[As usual, notes to myself to remember shows I've seen but I'm mailing you this letter since maybe it's of interest to you] 

Fifty Million Frenchmen It was a concert version [costumes but no scenery, actors holding script books and not dancing] of Cole Porter's "50 Million Frenchmen" at the 14th Street Y. There was cast of 18 [all Equity] actors, none of whose names I recognized. Instead of an orchestra there was just the piano which still actually sounded like an orchestra. There were both songs that had been cut from the score before the original production opened in 1931 as well as the songs that had replaced them and some songs that had been interpolated after the opening, so there was a lot of music.

Probably the only songs that most people would be familiar with were "You Do Something to Me", "Let's Step Out", "Find Me a Primitive Man", and "The Tale of the Oyster". The performers were all good, although not all especially attractive.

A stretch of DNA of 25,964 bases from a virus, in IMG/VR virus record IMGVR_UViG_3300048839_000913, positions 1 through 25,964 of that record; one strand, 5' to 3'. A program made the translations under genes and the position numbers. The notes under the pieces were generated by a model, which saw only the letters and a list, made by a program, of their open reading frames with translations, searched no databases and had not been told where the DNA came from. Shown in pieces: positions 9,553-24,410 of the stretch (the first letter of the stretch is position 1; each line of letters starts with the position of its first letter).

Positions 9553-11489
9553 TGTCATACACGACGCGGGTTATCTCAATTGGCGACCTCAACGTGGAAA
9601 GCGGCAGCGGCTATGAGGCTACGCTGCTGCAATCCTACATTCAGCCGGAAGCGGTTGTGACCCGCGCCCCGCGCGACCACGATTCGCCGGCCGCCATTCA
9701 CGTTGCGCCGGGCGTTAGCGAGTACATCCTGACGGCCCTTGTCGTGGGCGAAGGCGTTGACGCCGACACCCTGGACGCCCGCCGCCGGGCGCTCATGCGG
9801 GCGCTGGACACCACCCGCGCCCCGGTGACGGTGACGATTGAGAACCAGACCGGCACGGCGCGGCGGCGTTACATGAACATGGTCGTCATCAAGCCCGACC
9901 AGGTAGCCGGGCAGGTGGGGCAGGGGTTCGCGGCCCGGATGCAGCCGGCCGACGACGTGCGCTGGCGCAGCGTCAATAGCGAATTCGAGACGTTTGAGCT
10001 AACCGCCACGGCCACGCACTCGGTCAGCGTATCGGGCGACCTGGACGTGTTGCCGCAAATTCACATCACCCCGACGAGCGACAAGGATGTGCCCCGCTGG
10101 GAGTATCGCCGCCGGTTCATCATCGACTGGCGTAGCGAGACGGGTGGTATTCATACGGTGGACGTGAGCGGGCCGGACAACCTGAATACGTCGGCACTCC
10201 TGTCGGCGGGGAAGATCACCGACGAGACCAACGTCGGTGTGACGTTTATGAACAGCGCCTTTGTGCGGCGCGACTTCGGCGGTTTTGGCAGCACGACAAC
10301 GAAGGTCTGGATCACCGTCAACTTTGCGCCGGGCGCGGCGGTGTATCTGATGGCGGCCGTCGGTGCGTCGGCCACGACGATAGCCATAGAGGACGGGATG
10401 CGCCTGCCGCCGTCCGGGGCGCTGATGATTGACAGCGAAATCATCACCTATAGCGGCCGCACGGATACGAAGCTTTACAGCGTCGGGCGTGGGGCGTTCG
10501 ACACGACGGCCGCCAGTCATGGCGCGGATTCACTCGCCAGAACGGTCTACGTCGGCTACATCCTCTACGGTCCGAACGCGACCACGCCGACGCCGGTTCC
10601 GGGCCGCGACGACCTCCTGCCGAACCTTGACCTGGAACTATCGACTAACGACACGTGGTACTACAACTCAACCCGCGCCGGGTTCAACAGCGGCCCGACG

One reason the show was being presented in a concert version is that the book was so so terrible that it probably couldn't succeed as a full-scale Broadway production without a different book. A corn-fed Indiana family goes to Paris where a rich American boy falls in love with the daughter but because of a bet with his best friend has to make believe he has no money and becomes a gigolo. The family is accompanied by the loose girlfriend of the daughter who wants to become depraved in Paris and run away from the boy back home who is chasing her. A nymphomaniac tries to outdo her in the search for sexual depravity. It has a happy ending.

The show ended around 10:30 and I decided it would be too much to do anything more so I went back to the hotel for the night.

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